April 12, 2017
Hip Hop Collection releases online trove on genre's rise
Cornell University’s Hip Hop Collection is releasing hundreds of newly digitized images that tell the story of hip-hop’s explosion into the international mainstream and shed new light on some of its biggest stars, including LL Cool J, Queen Latifah and Public Enemy.
The digital collection of news clippings, photographs, press packets, correspondence and more are from the archive of music journalist and publicist Bill Adler. Adler worked with Rick Rubin and Russell Simmons at Def Jam Records from 1984 to 1990, when the label released groundbreaking work by the Beastie Boys, Public Enemy, Slick Rick, EPMD and 3rd Bass. Adler also worked for Rush Artist Management, which represented Kurtis Blow, Whodini, Eric B. & Rakim, Stetsasonic, Big Daddy Kane, DJ Jazzy Jeff & the Fresh Prince, De La Soul and others.
“Bill’s files are a rich and deep resource for the study of hip-hop’s emergence in the popular press and as a force within the music industry, and they enrich our understanding of hip-hop’s 40-year history,” said Katherine Reagan, Cornell’s curator of rare books and manuscripts.
The Cornell Hip Hop Collection, part of Cornell University Library’s Division of Rare and Manuscript Collections, received Adler’s archive in 2013. The newly digitized materials represent about 5 percent of the Adler archive, all of which is physically accessible to researchers on the Cornell Ithaca campus.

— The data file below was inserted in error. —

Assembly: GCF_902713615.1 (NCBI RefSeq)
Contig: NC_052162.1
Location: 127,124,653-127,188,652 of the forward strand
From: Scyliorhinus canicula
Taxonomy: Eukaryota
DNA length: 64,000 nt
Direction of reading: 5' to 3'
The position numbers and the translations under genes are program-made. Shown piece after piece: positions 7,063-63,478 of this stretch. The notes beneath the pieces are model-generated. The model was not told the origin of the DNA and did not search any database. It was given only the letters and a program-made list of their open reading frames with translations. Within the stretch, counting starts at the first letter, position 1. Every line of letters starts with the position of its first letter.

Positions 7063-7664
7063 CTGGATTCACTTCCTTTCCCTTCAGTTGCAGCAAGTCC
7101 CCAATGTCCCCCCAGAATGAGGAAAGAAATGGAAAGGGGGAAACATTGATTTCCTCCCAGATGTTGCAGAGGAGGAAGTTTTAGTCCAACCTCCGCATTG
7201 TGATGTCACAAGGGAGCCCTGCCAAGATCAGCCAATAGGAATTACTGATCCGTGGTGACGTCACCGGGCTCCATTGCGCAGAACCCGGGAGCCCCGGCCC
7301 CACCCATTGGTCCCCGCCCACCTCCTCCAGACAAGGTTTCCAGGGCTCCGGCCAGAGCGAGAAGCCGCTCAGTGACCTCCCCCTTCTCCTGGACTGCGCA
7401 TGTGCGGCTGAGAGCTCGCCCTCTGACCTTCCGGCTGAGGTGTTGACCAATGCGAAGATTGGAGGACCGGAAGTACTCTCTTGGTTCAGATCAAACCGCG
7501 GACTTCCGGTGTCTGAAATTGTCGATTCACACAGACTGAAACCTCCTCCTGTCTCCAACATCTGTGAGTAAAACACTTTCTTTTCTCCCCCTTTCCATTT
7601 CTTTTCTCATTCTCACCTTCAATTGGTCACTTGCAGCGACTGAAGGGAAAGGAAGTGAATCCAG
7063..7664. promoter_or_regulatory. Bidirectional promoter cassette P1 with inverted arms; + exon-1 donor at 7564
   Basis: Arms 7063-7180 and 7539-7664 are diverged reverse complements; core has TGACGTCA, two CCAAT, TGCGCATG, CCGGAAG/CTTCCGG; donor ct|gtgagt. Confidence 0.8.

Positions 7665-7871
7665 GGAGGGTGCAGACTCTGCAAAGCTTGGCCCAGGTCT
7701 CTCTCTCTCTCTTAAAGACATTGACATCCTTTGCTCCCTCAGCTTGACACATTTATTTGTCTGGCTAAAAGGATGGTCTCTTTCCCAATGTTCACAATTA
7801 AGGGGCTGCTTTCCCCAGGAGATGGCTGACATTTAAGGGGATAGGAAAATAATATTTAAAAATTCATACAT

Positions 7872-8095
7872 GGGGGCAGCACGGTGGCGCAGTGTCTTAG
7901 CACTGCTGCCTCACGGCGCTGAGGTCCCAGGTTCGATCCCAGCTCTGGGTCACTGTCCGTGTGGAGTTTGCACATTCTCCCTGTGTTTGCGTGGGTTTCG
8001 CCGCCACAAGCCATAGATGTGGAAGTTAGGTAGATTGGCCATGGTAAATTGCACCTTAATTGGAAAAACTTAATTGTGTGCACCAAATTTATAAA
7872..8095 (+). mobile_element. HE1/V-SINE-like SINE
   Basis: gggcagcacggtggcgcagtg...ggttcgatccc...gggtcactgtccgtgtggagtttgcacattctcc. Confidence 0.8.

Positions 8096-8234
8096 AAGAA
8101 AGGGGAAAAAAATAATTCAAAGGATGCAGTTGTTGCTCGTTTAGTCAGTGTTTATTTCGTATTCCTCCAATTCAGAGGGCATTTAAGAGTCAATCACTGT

Adler started his collection in the 1970s, when there were few resources about hip-hop and no internet to consult. “But there was a tremendous explosion of writing about hip-hop in real time,” said Adler. Over the decades, his collection became an encyclopedic, one-of-a-kind archive tracing the growth of hip-hop culture.
“I’m thrilled to know that the collection is going to be made available to anyone with a keyboard and an internet connection, anywhere in the world,” Adler said.
The more than 1,700 items in this batch focus not only on LL Cool J, Queen Latifah and Public Enemy, but other artists such as Salt-N-Pepa and Eric B. & Rakim, all of whom emerged in the 1980s in New York City, where hip-hop culture was born.
The digitized material also chronicles hip-hop’s earliest acts and recording labels. For example, material about Sugar Hill Records includes a 1980 press biography about the Sugar Hill Gang and its smash 1979 hit “Rapper’s Delight,” widely credited with introducing hip-hop music to the world, as well as early label publicity on Grandmaster Flash and the Furious Five, who went on to become the first hip-hop artists inducted into the Rock and Roll Hall of Fame in 2007.
The collection also casts light on the artists’ individual paths to stardom. Items on Queen Latifah range from a 1990 story in Word Up! magazine about her confronting a bootleg tape seller at an in-store event to multiple versions of her 2006 advertising campaign for CoverGirl’s Queen Collection.
Over the next few years, Cornell University Library will digitize the remainder of the Adler Archive, creating an increasingly comprehensive digital resource on hip-hop’s history.
“The amount of material in the Adler archive is just staggering,” said Ben Ortiz, assistant curator of the Cornell Hip Hop Collection. “Not only will this stuff teach newcomers to the world of hip-hop culture more than they ever dreamed, but experienced devotees will find themselves completely immersed and adding much to their already deep knowledge.”
Melanie Lefkowitz is a writer for Cornell University Library.